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LOWER RED CLASTICS GROUP

Red ball iconTHE MIDCONTINENT RIFT SYSTEM IN IOWA

 

LOWER RED CLASTICS GROUP


Introduction to Lower Red Clastics Group

The rocks encountered at depth between 3153 and 5310 m (10,510 to 17,700 ft) in the Eischeid well were informally named the Lower Red Clastic Group. The group was divided into three component units by Witzke (1990), from the top, Unit D, Unit C, and Unit B. To view a discussion of each of the induvidual units that comprise the Upper Red Clastics Group, click on the appropriate name on the following chart.

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LOWER RED CLASTICS GROUP STRATIGRAPHY
MIDCONTINENT RIFT SYSTEM ROCKS OF IOWA

Unit D

Unit C

Unit B

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(click for map of thickness of Lower Red Clastics in flanking basins)


Discussion of the Lower Red Clastic Group.

The Lower Red Clastic Group closely resembles and may correlate with the Oronto Group in the Lake Superior area. The biggest differences between the two groups are the coarser-grained facies preserved in the Copper Harbor Conglomerate, the basal unit in the Oronto Group, and the dominance of quartz sand in Unit B, the basal unit of the Lower Red Clastic Group. The Copper Harbor is dominated by a conglomeratic facies composed primarily of mafic and felsic volcanic rock clasts. Associated sandstone facies also are dominated by volcanic rock fragments. Unit B is dominated by a sandstone facies that displays the highest quartzose grain content (87%) of any Red Clastic unit in the Eischeid well (click here for QFL information). This disparity can be explained by the positions of the two units relative to the central horst of the Midcontinent Rift. The Copper Harbor Conglomerate exposures are located on the central horst, which was an axial graben at the time of Copper Harbor deposition. The volcanic-dominated rocks of the Copper Harbor Conglomerate were deposited by alluvial fans that were derived in large part from the erosion of Keweenawan volcanic rocks capping the footwalls of the graben-bounding normal faults. In contrast, the Eischeid well, and Unit B, are located in one of the clastic basins that flank the central horst, and Unit B was therefore deposited outside of the central graben. Unit B is dominated by quartzose sediment derived from granitic rocks, the most common basement rock lithology in the MRS region, and was deposited by rivers that flowed towards the axis of the rift. As these rivers approached the axial graben they may have cut through footwall-capping volcanics, depositing Copper Harbor lithologies in the graben.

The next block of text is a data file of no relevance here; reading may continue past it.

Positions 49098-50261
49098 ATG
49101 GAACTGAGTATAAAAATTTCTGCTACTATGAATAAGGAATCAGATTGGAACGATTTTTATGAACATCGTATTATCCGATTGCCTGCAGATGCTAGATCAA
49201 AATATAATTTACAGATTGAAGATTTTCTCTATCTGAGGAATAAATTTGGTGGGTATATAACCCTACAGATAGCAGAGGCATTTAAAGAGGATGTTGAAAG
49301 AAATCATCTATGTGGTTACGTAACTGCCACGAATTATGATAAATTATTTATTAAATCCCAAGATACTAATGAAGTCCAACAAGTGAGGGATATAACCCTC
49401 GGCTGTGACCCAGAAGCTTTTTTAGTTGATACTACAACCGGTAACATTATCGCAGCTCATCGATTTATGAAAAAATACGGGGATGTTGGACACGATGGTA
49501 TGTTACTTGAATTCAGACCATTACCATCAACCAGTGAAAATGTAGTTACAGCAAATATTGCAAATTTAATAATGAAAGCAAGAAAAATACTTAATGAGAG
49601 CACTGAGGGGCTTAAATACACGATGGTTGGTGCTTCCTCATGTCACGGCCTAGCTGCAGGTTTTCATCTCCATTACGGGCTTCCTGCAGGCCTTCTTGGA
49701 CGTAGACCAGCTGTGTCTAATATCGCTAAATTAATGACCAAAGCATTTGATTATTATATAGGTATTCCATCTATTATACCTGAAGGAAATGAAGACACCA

Unit C is lithologically and sedimentologically very similar to the Nonesuch Formation of the Oronto Group. The fine grained components of Unit C display unidirectional, bi-directional, symmetrical, and trough cross stratification and small scale amalgamated hummocky cross stratification. Shrinkage cracks are also present in this interval (Ludvigson and others, 1990). Milavec (1986) identified similar features in the Nonesuch Formation.